A large homeless camp within sight of the Colorado Springs Police Department headquarters in the south downtown Lowell neighborhood will be cleared out by Monday after the city received landowners’ permission to remove tents and residents.
The 10-acre encampment, known as “the quarry,” is home to at least 145 tents and tarp-covered shelters on private land near Wahstach Avenue and Fountain Boulevard.
“We’re looking for absolute voluntary compliance,” police spokesman Lt. Howard Black said Wednesday. “We’d like to see them leave the camp without (police) having to be involved at all.”
Those who choose to stay will be cited for trespassing, but police “hope they don’t get to that point,” Black said.
The city moved dumpsters to the property Saturday and held an outreach day Wednesday at the camp with representatives of 20 local organizations on hand to explain what alternatives and services are available. AspenPointe, Catholic Charities, the El Paso County Department of Human Services, Westside Cares, Peak Vista and Homeward Pikes Peak were among those with booths set up.
The message was clear: camping in the field is illegal, people need to leave, but there are transitional services on-hand as well as empty shelter beds at Springs Rescue Mission and the Salvation Army.
“We do have available shelter,” said the city’s homelessness outreach and prevention coordinator Andy Phelps. “I do hear from people experiencing homelessness that they don’t feel safe, but I do feel it is safer than being outside in Colorado in the winter. People are dying in the cold, so we need to get people inside where it is warm and safe.”
Phelps hopes the city and its partners can coordinate more outreach days, which also offered those in the camp coffee, donuts and vaccines.
For some in the camp, the eviction is just the latest in a series of losses that left them living on the streets. One man living in the camp with his wife and dog who asked that his last name not be used has a long list of potential apartments he could apply for, though he’s not optimistic any will accept him.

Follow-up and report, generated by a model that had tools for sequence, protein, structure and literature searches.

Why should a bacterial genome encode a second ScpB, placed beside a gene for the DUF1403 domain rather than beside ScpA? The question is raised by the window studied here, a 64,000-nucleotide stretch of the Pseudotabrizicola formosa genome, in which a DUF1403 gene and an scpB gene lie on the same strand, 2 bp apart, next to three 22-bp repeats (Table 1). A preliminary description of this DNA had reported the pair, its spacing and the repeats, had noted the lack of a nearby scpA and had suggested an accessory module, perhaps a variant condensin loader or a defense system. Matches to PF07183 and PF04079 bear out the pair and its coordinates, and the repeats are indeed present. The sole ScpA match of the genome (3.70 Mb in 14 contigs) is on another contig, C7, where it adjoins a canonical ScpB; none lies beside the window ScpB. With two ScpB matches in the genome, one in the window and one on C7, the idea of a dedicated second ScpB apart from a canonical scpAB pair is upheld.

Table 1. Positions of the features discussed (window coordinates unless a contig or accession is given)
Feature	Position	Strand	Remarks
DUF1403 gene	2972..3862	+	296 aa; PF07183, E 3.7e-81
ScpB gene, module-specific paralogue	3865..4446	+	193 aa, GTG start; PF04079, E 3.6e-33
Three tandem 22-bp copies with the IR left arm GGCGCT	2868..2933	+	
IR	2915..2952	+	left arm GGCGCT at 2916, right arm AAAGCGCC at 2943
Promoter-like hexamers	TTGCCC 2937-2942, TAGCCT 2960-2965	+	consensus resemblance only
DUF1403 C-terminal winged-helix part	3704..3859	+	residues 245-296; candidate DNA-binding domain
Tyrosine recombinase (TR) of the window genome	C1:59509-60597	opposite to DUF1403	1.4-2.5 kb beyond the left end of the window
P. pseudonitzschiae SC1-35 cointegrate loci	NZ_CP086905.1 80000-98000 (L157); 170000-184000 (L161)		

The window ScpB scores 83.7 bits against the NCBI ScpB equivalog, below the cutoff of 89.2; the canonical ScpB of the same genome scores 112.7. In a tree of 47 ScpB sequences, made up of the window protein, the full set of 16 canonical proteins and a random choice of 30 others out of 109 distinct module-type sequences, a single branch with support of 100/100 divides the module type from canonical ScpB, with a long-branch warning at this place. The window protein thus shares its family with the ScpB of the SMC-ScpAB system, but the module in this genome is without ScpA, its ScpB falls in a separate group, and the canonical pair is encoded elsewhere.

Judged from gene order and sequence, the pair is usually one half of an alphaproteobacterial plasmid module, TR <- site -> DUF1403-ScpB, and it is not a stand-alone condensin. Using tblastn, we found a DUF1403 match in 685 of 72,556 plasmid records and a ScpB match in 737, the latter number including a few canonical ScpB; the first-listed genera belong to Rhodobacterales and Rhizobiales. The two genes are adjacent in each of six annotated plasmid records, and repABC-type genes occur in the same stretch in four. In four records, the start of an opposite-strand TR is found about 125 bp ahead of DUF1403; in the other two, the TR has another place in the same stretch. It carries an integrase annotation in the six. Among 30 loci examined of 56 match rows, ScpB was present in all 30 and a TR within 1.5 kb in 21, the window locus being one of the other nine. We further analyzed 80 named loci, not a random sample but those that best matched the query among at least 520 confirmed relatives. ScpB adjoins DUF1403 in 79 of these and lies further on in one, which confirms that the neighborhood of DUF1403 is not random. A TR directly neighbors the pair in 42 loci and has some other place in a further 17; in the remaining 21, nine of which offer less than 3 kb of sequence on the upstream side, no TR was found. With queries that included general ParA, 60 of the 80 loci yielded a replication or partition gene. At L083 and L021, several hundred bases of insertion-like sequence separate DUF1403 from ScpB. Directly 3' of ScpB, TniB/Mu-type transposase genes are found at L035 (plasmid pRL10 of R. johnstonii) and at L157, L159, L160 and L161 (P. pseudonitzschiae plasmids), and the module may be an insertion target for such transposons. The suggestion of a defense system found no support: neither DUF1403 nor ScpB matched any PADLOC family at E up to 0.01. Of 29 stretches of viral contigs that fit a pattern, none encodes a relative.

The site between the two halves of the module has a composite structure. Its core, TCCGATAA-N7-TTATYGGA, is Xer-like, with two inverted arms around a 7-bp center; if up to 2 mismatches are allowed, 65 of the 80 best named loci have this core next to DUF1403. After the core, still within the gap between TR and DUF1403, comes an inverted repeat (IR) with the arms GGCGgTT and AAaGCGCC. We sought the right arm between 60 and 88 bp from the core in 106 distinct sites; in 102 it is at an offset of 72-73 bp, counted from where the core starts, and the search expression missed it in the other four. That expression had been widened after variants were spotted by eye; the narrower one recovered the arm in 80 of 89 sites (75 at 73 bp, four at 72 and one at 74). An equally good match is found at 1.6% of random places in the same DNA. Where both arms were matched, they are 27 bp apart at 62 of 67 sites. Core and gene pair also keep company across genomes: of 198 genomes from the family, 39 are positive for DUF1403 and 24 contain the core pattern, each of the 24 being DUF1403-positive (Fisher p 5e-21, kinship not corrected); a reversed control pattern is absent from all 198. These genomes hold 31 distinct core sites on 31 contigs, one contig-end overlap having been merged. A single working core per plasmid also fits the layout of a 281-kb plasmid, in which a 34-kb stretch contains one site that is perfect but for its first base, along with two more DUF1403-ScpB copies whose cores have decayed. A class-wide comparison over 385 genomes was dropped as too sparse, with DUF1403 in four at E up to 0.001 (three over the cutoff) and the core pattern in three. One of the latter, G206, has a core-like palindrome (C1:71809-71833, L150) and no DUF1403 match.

“I’m going to get out as soon as possible, but I don’t have anywhere to go,” Leroy said. “The community looks at us like you ain’t nothing, and it’s hard.”
Leroy lost his house a year ago. He is on disability because of a leg injury, so finding jobs that don’t require him to stand all day is difficult.
“I’m not homeless by choice,” he said. “When this nightmare hit, we lost everything.”
One man who asked not to be named said he “had no idea where he’d go.”
Several of the people in the camp previously told The Gazette they preferred the independence and camaraderie they found at the quarry to the shelters, where married couples and partners must sleep separately and, they claim, put them at risk of catching diseases. There have been no documented outbreaks of diseases at any of the city’s shelters, officials said.
Beth Roalstad, the director of Homeway Pikes Peak, said Colorado Springs’ severe shortage of affordable housing is at the heart of the problem. Clearing camps, such as the quarry, leaves people who are unwilling to go to shelters with few options, she said.
“We need to be doing everything we can to create more affordable housing and look at creative solutions,” said Roalstad. “Other cities have converted commercial space into transitional housing. Another idea is to make a tiny home community with rent-to-own plan where the person can build equity and enter come ownership.”
She continued, “I’d love to see the community have the guts and a service provider take on a project like that.”
Another option is a city- or county-sanctioned camp, though Roalstad does not see the political will to make that happen.
“We’re looking for absolute voluntary compliance. We’d like to see them leave the camp without (police) having to be involved at all.” Colorado Springs police spokesman Lt. Howard Black